The ICSI procedure can enable fertilisation to take place despite issues such as low motility that could prevent natural conception or normal in vitro fertilisation. The ICSI procedure is particularly valuable if you have had a vasectomy or if there are issues with sperm production or ejaculation, as even small amounts of sperm can be collected and injected directly into the egg.
Producing a Sperm Sample
If you are undergoing IVF using the ICSI procedure, you will be asked to provide a fresh sample of sperm on the same day that your partner’s eggs are collected, if possible. However, if you are unable to do so, there are several collection techniques that can be used to obtain a sperm sample. It is also possible to perform the ICSI procedure with a frozen sample of sperm if one is available. For example, you may have had some of your sperm frozen before having a vasectomy.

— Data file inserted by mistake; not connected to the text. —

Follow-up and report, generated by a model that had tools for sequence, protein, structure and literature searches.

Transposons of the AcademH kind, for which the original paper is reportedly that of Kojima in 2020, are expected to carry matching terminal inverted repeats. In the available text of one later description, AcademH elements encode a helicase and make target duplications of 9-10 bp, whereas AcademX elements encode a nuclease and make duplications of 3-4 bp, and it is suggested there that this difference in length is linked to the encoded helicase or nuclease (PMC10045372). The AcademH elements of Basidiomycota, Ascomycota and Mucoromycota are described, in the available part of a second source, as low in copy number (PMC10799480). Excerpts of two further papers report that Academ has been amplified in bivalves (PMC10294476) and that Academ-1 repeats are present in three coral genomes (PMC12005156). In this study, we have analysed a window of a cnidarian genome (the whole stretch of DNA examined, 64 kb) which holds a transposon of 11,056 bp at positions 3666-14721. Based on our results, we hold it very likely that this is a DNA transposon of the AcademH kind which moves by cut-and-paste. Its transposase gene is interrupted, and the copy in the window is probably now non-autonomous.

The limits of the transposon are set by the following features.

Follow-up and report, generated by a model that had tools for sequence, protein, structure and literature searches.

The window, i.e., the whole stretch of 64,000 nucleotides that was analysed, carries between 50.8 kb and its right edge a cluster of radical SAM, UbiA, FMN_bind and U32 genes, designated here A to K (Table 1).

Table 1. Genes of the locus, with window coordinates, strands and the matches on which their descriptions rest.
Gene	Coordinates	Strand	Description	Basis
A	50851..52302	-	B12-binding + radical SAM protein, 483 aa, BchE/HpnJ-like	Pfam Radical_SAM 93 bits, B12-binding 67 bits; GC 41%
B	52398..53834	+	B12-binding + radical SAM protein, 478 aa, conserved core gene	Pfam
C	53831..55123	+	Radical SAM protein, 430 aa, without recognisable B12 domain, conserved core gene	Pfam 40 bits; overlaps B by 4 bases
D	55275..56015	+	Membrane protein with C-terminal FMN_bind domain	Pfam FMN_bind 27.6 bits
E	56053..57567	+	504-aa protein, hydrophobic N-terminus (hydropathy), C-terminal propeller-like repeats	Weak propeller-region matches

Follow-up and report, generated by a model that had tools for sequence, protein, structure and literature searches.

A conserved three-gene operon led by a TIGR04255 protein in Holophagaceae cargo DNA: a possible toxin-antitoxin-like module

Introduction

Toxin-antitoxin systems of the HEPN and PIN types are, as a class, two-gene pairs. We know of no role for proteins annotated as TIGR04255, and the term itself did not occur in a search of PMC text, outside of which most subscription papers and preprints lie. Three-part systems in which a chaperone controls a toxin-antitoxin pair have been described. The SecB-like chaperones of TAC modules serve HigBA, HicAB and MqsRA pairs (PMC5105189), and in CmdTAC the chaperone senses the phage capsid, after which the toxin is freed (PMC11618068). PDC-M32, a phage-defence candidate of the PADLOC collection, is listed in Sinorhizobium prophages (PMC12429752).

Collecting a Sperm Sample
If you aren’t able to produce a sperm sample in the normal manner, if the sperm can’t make its way out of your testicles, or if your sperm count is very low, a sample can be collected directly for use in the ICSI procedure. Sperm can be taken either from your testicles or from the epididymis, the narrow tube in which the sperm cells are stored as they mature. These procedures are known as testicular sperm aspiration (TESA) and percutaneous epididymal sperm aspiration (PESA), and they involve the insertion of a very fine needle to remove the sample. If it isn’t possible to collect enough sperm using the TESA or PESA procedures, another option is available. It requires the removal of a small piece of your testicular tissue, from which the sperm will then be isolated in vitro. This procedure is known as testicular sperm extraction or TESE. Once the sample has been obtained, individual sperm cells will be injected into each egg using the ICSI procedure. The chances of success will then be the same as for the normal IVF procedure.